I think it was last October, at Courier Appreciation Day, when I got talking to Ryan about my big ride – not long after I had decided that it was actually going ahead.
“What bike are you thinking of taking?” he asked.
I hadn’t thought about it in great detail, but I’d more-or-less assumed that I’d go for a Surly Long Haul Trucker, which many long-distance cyclists and most mechanics regard as the last word in heavy touring bikes. Loads of people I know ride them and love them, I have a bit of a soft spot for Surlys anyway, and it would be comforting to ride a bike so popular and so universally recognized.
“Yeah, good choice!” said Ryan. “…or I could build you one?”
As well as being a courier, he’s an up-and-coming framebuilder, and a couple of years ago, he and his girlfriend rode to Cairo – her on a Long Haul Trucker; him on a frame he’d built himself. It survived, and he’s still riding it today.
But I wasn’t sure.
“Er, Ryan, you do know what I’m like with bikes, don’t you?”
I have a bit of a reputation on circuit. I’m by no means the fastest or the most skilled rider, but I do have an unusual talent for breaking bikes, and wearing out components and kit far more frequently, improbably and creatively than any other courier. No one’s ever been able to work out why. So I had no confidence that I’d be able to ride all the way round the world on a frame without cracking it at least once, and one of my main reasons for choosing a Long Haul Trucker was that Surly are the kind of reputable people who’d replace it without any fuss or extra charge.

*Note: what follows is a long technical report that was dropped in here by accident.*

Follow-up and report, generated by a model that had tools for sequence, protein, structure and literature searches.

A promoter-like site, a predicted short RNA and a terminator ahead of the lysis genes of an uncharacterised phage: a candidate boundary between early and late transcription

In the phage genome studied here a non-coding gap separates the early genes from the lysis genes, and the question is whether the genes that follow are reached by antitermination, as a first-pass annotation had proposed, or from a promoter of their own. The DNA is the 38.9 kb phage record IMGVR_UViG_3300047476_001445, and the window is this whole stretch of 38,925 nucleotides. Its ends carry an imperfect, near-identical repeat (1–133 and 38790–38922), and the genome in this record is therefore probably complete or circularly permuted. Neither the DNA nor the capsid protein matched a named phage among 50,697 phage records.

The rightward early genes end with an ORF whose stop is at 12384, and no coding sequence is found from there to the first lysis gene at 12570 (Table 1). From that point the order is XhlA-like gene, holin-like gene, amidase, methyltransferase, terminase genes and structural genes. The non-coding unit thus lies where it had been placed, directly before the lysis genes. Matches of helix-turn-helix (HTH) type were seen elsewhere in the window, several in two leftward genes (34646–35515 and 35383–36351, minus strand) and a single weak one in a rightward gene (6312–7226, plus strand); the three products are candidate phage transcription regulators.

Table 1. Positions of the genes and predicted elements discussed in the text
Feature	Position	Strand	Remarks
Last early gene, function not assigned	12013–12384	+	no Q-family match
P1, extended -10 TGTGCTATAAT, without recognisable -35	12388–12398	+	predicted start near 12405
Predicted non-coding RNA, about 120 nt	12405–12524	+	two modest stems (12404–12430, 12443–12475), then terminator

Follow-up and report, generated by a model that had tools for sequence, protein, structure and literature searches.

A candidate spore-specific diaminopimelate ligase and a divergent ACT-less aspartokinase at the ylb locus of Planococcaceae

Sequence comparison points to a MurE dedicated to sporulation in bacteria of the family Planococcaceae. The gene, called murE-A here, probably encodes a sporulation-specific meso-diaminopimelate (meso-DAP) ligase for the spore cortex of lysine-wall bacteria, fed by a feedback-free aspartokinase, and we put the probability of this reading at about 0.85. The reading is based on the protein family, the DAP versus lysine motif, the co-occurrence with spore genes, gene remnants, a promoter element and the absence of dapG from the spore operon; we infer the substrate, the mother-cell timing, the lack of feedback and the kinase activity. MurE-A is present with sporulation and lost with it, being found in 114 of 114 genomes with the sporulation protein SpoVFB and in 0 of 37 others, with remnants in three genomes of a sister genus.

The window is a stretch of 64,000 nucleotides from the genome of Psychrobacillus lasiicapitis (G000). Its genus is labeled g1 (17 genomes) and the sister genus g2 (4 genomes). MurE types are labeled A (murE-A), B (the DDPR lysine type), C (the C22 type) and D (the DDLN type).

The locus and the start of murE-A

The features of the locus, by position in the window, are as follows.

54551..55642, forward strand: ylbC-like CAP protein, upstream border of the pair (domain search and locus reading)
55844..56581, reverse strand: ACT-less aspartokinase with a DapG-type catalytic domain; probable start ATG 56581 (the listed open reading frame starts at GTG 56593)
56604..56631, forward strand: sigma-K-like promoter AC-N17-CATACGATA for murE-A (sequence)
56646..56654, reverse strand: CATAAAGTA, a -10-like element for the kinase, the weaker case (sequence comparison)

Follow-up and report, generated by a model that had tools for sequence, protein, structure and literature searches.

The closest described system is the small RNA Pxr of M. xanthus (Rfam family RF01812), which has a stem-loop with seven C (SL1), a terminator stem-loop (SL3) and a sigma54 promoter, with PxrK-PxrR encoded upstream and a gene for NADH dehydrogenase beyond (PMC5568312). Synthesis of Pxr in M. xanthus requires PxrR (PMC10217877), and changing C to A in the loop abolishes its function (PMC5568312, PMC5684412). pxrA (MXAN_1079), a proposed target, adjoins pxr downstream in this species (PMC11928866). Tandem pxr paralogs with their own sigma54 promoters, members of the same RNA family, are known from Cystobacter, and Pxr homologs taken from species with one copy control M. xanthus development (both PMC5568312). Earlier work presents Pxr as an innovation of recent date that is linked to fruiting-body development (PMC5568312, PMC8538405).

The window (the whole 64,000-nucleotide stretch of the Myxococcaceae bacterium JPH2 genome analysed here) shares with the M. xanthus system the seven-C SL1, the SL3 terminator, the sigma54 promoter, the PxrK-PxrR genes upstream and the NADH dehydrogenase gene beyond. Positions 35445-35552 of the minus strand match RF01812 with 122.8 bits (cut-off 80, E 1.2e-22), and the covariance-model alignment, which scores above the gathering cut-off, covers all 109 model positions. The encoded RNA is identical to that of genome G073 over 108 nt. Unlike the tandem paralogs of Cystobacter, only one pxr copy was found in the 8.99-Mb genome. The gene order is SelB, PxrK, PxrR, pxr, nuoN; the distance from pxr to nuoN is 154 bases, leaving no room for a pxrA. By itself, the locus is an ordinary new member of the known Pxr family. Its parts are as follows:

But Ryan didn’t seem worried.
“Don’t worry about it – I’ll build you a bike that definitely won’t break!” he assured me. “See, the usual place where a touring bike will fail is the chain stays, where the majority of the weight is [I remembered my father’s old Muddy Fox snapping in exactly this way, the day after we finished a tour in France], so what I’ll do is overbuild them, so there’s absolutely no danger they’ll snap.”
He told me all about the experiments he’d done, practicing brazing bits of metal and then testing the joints to destruction, with many times the weight they’d normally carry. And he went on to describe exactly what sort of bike he’d build for me.
“I’ve seen you riding – I know you like a more stretched-out position – and I’ve noticed you’ve got very long femurs, which means we’d need to go for a slightly shallower seat tube angle…”
He continued in this vein for some time, and I found myself being talked round. Not only did Ryan clearly know what he was talking about; he’d also already observed and assessed the way I ride, and given serious thought to how he could build a frame to suit my quirks and preferences. This would be far better than an off-the-peg Surly – this would be a custom-built bicycle, designed and tailor-made for me and my trip.
But what really clinched it was that he then offered to provide the frame at cost – meaning that, by my reckoning, I’m saving over a grand. His rationale is that, in order to earn his colours as a framebuilder, he wants to build ten unique bikes for people to do awesome things on. He’s built a cyclocross bike for Vojtech, another courier, who races at the weekend, and a really beautiful track bike for Judy to ride on circuit.
And now he’s building one for me to ride around the world. It makes perfect sense. If he really does produce a frame that I can circumnavigate the globe on without it breaking, then he’s onto a winner.